Learning from the mistakes of others
The National Association of Egg Farmers remains committed to retaining conventional cage systems and allowing U.S. egg farmers to produce eggs for the consumers in their markets without the dictates of a national law mandating production standards. This article from Farming UK (see website below) demonstrates the suffering resulting in Europe as a result of implementing their national egg law (EU Council Directive 1999/74/ED on January 1, 2012). The Germans moved even quicker than the whole of the European Union and implemented a new national law in 2010.
This article quotes Hans Wilhelm-Windhorst with the International Egg Commission saying that 30% of the German egg farmers will likely become insolvent by October. Prices have fallen to where producing eggs is unsustainable. It's interesting to note that Hans Wilhelm-Windhorst was a featured speaker at the January 2013 "Future of the Egg Industry" Forum in Atlanta during the IPPE and he reported the impact on German egg farmers in 2010 led to (1) a loss of egg production, (2) an increase in egg imports from other countries, (3) the forced foreclosure of many egg farms.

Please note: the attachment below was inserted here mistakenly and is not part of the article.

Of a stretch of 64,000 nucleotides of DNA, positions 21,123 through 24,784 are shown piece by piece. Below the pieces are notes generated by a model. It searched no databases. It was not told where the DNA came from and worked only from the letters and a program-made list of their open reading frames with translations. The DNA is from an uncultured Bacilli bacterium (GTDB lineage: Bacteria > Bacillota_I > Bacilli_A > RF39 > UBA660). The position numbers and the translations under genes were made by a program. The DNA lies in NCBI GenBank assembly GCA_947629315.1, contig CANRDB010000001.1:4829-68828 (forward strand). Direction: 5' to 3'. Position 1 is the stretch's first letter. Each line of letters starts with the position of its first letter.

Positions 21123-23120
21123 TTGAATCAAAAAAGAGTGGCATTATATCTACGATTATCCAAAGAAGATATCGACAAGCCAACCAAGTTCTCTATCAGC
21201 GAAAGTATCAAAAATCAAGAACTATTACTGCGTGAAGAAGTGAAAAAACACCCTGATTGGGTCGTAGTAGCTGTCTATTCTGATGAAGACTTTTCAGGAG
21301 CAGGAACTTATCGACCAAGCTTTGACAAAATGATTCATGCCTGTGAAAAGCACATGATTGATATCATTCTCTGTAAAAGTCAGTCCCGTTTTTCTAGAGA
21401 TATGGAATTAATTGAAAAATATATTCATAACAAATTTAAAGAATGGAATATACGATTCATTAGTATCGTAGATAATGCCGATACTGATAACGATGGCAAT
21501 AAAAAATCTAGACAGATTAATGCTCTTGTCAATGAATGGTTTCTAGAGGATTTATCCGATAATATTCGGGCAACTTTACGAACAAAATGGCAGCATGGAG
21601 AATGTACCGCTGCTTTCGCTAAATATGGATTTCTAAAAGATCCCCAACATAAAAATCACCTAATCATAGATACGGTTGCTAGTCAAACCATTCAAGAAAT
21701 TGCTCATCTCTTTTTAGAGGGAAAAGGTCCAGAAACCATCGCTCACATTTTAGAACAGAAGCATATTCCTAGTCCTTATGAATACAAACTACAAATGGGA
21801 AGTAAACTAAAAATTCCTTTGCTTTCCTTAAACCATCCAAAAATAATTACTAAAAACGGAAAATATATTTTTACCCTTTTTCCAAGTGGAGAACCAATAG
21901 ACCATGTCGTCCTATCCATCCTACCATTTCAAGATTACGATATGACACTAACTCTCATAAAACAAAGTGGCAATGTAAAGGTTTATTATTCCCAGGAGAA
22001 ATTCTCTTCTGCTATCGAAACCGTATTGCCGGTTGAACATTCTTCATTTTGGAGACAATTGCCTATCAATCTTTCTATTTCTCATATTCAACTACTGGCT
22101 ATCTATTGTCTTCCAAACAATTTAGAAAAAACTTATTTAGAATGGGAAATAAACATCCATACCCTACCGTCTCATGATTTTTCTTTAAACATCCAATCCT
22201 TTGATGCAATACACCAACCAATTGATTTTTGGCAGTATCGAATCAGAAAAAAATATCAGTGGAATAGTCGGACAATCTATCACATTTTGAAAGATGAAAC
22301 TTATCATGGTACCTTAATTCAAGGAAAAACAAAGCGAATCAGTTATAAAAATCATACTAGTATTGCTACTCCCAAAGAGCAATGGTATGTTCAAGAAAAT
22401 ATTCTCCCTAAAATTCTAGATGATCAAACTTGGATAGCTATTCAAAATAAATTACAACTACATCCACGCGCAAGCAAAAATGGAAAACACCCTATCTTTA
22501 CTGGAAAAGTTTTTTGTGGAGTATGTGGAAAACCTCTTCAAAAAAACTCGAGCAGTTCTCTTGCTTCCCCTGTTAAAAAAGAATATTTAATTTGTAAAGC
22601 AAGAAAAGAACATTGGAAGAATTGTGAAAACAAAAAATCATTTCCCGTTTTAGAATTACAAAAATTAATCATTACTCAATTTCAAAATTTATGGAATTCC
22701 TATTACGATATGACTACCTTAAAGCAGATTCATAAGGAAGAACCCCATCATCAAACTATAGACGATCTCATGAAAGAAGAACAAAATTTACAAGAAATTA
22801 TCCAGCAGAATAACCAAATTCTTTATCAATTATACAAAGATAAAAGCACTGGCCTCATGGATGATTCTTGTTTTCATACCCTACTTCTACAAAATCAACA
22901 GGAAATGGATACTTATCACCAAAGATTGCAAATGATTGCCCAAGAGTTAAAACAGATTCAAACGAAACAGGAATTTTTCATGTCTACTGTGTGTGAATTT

The article shown above in Farming UK reports that egg farmers in Europe need to increase their efficiency, and that consumers want a reduction in price. When the EU implemented their national egg law, egg farmers made the capital investments to meet the new law only to regret it later.
Will this mistake ever happen in this country? The National Association of Egg Farmers will fight to retain conventional cage systems for the most efficient and cost-effective method of producing a safe and wholesome egg in the U.S.